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Competition Shows Students Understand Copyright

13 June 2006

New Competition Shows Students Understand Copyright Law But Some Schools Still in Breach

This year saw the first copyright essay competition for secondary school students. In an effort to increase student’s awareness of copyright law Copyright Licensing Ltd (CLL) presented a $500 prize to Anna Devathesan of Pakuranga College, and a $50 prize to Mark Thomson of Kings High School in Dunedin.

The essays submitted for the awards highlighted the fact that many students understand the issues surrounding copyright law.

Most schools throughout New Zealand are licensed under a CLL scheme which allows them to make copies of works at no extra cost. However, there are still a number of New Zealand schools that remain unlicensed. These schools deny authors fair payment for the work copied by them. There have been examples of schools not only photocopying books and distributing them to students but of placing books on to CD-Rom, and in some cases, publishing them on the internet.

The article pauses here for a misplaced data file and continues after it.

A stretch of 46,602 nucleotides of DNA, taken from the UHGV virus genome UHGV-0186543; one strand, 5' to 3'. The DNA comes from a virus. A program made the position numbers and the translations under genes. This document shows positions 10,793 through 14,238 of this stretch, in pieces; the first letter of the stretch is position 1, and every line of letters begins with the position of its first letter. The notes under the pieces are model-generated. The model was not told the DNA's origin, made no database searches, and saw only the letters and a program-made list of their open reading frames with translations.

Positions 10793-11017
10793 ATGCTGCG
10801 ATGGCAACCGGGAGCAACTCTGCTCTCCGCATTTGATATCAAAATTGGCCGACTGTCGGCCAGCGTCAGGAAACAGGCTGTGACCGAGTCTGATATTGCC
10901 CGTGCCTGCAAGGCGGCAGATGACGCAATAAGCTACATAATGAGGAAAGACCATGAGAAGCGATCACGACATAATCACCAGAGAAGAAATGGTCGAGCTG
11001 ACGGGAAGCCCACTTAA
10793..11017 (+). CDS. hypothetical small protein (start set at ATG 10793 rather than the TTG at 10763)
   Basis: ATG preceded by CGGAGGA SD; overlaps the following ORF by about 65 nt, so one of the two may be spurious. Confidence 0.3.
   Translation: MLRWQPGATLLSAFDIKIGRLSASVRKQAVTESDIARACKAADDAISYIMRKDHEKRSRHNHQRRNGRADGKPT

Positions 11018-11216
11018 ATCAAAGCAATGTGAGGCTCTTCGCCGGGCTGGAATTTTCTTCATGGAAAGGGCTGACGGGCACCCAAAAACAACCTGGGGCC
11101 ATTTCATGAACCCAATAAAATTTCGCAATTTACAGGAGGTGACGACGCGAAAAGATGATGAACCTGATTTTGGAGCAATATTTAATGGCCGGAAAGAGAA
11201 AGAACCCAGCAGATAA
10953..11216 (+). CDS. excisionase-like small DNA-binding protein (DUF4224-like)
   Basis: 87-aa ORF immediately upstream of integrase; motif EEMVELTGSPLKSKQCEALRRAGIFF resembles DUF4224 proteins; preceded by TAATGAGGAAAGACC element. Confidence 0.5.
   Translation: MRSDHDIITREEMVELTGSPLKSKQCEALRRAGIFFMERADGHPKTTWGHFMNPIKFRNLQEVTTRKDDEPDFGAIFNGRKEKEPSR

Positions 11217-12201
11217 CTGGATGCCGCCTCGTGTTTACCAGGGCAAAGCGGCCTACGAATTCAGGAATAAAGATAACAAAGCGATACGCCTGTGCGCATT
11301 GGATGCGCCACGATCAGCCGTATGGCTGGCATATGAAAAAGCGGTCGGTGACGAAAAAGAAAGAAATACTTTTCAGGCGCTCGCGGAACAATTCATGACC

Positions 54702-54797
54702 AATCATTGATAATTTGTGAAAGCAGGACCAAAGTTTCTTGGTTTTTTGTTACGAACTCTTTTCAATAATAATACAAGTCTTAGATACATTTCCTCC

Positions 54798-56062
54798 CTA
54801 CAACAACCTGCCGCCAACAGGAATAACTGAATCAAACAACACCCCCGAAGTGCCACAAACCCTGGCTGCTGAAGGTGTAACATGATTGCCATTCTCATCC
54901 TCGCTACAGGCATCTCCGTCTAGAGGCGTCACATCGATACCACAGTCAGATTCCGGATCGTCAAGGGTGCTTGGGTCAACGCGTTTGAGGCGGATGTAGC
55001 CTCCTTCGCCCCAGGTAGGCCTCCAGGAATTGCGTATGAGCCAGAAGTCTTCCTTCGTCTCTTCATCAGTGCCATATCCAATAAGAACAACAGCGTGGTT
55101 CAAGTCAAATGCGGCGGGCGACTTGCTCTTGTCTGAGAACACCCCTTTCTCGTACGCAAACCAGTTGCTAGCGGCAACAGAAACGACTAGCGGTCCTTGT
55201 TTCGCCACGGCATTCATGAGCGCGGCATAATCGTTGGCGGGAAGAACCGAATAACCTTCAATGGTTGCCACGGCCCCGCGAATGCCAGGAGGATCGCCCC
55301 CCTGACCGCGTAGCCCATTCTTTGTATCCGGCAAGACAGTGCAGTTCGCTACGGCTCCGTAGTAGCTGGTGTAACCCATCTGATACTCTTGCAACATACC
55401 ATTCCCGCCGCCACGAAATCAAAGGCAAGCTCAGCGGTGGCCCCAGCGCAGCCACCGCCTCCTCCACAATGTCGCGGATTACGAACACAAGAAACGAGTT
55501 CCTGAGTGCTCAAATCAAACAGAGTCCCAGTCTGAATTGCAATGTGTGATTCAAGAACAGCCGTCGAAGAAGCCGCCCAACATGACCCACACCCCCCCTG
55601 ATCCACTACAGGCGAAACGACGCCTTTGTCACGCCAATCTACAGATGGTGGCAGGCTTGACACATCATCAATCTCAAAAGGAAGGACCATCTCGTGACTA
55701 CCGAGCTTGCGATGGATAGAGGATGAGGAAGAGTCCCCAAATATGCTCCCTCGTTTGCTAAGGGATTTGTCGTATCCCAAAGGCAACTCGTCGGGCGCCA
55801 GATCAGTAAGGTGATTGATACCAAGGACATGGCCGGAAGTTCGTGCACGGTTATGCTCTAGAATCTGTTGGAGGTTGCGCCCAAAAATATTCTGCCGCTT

Competition winner Anna Devathasan aptly explained the effect of piracy on copyright holders in New Zealand and the rest of the world. “…many up and coming artists need to rely on the funds especially when a project requires large initial capital. When an artist’s work gets repeatedly copied causing a huge loss of revenue, an artist may have to turn to more conventional forms of income. Without the protection and incentives offered by copyright, creativity in the realms of art and literature may be severely limited.”

In response to this continued problem CLL urges the New Zealand government to invest in a media campaign to raise awareness of copyright and piracy issues.

Copies of the winning submissions will be published on the CLL website


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